Microsoft Exchange

ADFS Error 503 via /adfs/services/trust/mex

It’s been a while since I posted a troubleshooting article, however spending a Sunday morning fixing ADFS with a college inspired me to write the following post.

Occasionally we are forced asked to do things which are against best practices or even common sense, such as multi-rolling an existing ADFS server as an Exchange 2016 Administration server in order to manage recipients in an Office 365 tenant.

Based on the customer’s insistence, Exchange was installed on an ADFS instance hosted on Windows 2012R2. After rebooting, Outlook authentication died for the entire user base. Un-installing Exchange 2016 was not cited as an acceptable option.

The logical troubleshooting path started with Outlook performing an Autodiscover test, which revealed a 401 Unauthorised error. We know the customer was federated, which meant the next troubleshooting logical step was examining ADFS.

https://sts.contoso.com/adfs/ls/idpinitiatedsignon showed the customised sign-on page which was expected with XML metadata on logon.

EXRCA AKA the Microsoft Remote Connectivity Analyser | Office 365 | Office 365 Single Sign-On Test revealed that the https://sts.contoso.com/adfs/services/trust/mex services endpoint returned HTTP Error: 503. The service is unavailable.

We knew that we had a conflict between two applications on the same servers, Exchange 2016 and of course ADFS. ADFS and Exchange administration consoles both fired up and on the face appeared to be working, with exception to the adfs/services/trust/mex services endpoint returning an error.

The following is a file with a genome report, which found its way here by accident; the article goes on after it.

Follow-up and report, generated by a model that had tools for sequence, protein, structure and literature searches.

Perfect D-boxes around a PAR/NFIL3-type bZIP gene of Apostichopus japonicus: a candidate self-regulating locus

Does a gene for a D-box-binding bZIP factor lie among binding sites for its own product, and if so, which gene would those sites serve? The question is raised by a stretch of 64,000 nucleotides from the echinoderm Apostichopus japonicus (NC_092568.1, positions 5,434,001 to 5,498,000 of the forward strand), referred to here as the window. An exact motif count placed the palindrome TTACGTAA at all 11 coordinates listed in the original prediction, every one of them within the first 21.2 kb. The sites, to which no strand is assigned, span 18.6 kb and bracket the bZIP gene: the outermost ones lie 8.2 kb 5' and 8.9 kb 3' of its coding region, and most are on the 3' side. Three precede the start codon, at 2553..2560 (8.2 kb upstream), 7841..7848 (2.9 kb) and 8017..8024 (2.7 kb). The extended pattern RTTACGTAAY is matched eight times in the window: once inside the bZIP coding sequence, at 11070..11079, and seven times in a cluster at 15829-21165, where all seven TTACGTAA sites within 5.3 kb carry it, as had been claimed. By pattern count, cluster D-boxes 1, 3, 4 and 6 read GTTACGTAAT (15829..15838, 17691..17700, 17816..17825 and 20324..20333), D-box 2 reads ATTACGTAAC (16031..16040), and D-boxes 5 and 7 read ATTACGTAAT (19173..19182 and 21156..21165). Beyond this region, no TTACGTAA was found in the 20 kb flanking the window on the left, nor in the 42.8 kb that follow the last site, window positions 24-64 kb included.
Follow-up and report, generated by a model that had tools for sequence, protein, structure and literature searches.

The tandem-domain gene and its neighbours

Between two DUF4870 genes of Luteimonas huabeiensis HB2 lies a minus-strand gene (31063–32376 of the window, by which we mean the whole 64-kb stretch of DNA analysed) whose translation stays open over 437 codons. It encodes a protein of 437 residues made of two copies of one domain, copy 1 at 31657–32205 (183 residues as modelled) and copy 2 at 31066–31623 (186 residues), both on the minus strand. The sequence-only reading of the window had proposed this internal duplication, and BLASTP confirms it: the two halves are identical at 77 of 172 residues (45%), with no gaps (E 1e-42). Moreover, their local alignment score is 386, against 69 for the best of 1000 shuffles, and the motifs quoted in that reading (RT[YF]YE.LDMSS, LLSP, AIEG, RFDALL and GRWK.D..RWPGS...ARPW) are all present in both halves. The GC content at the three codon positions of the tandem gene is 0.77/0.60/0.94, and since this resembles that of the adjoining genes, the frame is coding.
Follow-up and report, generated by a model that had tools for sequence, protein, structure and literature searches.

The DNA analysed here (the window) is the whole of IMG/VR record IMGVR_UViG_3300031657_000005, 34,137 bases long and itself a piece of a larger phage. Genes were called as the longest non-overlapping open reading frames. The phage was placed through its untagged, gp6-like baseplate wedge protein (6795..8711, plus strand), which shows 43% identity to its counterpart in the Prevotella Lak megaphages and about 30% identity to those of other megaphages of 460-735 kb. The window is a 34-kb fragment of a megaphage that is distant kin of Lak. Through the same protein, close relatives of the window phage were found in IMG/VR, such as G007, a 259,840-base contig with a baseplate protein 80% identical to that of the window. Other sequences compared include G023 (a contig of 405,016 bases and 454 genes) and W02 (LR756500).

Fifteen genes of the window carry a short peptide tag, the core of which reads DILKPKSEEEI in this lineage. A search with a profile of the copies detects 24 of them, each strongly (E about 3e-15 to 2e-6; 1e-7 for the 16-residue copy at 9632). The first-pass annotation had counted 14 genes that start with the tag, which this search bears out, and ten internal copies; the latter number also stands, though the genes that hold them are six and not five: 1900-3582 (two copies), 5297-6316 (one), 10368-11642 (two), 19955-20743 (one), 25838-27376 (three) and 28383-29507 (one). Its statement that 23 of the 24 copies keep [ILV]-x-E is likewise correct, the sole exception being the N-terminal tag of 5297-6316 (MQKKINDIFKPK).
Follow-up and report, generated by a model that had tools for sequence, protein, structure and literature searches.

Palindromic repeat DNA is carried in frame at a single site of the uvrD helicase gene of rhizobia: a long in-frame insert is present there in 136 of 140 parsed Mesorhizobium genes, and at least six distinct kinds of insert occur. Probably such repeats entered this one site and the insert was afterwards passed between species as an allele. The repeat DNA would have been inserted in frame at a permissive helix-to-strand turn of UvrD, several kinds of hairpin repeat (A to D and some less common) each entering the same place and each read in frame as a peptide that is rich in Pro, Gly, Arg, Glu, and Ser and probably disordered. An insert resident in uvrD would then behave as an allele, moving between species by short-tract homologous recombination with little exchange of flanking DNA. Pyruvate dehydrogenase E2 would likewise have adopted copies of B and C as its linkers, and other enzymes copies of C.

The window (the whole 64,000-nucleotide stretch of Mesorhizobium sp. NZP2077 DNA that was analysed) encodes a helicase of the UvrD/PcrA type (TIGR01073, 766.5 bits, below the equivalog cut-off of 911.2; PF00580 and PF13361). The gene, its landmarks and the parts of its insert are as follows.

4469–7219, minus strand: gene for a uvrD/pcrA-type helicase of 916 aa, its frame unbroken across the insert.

Recycling the ADFS service created an application log entry detailing a conflict on port 808. A quick search on ADFS conflicts on port 808 revealed a CRM and ADFS multi-role configuration detailed here.

The fix then was quite trivial:

  • Using PowerShell  “Set-ADFSProperties –nettcpport 809
  • Restart the ADFS service

Following these steps, browsing to https://sts.contoso.com/adfs/services/trust/mex services endpoint returned the correct XML. The Office 365 Single Sign-On Test returned without errors and the Outlook autodiscover test also ran successfully.

Outlook authentication was fixed for all users. While interesting troubleshooting the entire configuration flies against best practice. There is no documentation that I could find that said this configuration was either unsupported or supported, however common sense dictates that servers are single rolled for a reason unless massive budget constraints force otherwise.

Sadly, what appears to achieve an initial saving is often reduced with troubleshooting costs, or in this case a company-wide outage. Domain Controllers, ADFS servers, Exchange servers and more should not be mixed in order to reduce costs.